Lewis and Clark reported in 1804 that the peoples were the Great Osage on the Osage River, the Little Osage upstream, and the Arkansas band on the Verdigris River, a tributary of the Arkansas River. The tribe then numbered some 5,500.
In 1804 after the United States made the Louisiana Purchase, the wealthy French fur trader Jean Pierre Chouteau, a half-brother of René Auguste Chouteau, was appointed as the US Indian agent assigned to the Osage. In 1809 he founded the Saint Louis Missouri Fur Company with his son Auguste Pierre Chouteau and other prominent men of St. Louis, most of whom were of French-Creole descent. Having lived with the Osage for many years and learned their language, Jean Pierre Chouteau traded with them and made his home at present-day Salina, Oklahoma, in the western part of their territory.
The Choctaw chief Pushmataha had a notable career as a warrior against the Osage tribe. When the Western Cherokee (Arkansas Cherokee), who, like Sequoyah, voluntarily removed from the Southeast to the Arkansas River valley in the early 19th century, they immediately clashed with the Osage, as the Choctaw were invading their hunting lands. After the 1817 massacre known as the "Battle of Claremore Mound," in which 30 Osage warriors were killed, their horses and trade-worthy goods taken, the Osage ceded these lands to the federal government in the treaty referred to as Lovely's Purchase. The US had attacked them with a force of 600, including US soldiers and warriors from the Choctaw and Cherokee nations.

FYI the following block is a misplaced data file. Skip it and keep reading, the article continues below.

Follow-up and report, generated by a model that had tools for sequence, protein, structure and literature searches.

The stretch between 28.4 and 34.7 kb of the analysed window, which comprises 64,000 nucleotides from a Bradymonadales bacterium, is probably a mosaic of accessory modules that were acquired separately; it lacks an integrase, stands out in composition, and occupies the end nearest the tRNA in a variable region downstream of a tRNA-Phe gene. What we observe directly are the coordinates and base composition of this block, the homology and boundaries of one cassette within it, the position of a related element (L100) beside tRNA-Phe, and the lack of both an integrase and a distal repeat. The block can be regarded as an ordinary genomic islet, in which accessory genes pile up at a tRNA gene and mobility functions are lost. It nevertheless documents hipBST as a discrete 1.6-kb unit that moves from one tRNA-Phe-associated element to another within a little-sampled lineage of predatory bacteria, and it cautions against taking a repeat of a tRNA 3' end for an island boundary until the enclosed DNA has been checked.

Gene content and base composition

Despite its proclaimed goal of creating peace among Native peoples, the United States delivered these lands to the Cherokee aggressors, over the protest of Osage who had hoped the land would serve as a buffer zone between them and the Cherokee invaders. The Osage sought to preserve hunting rights even if other tribes were allowed to settle there.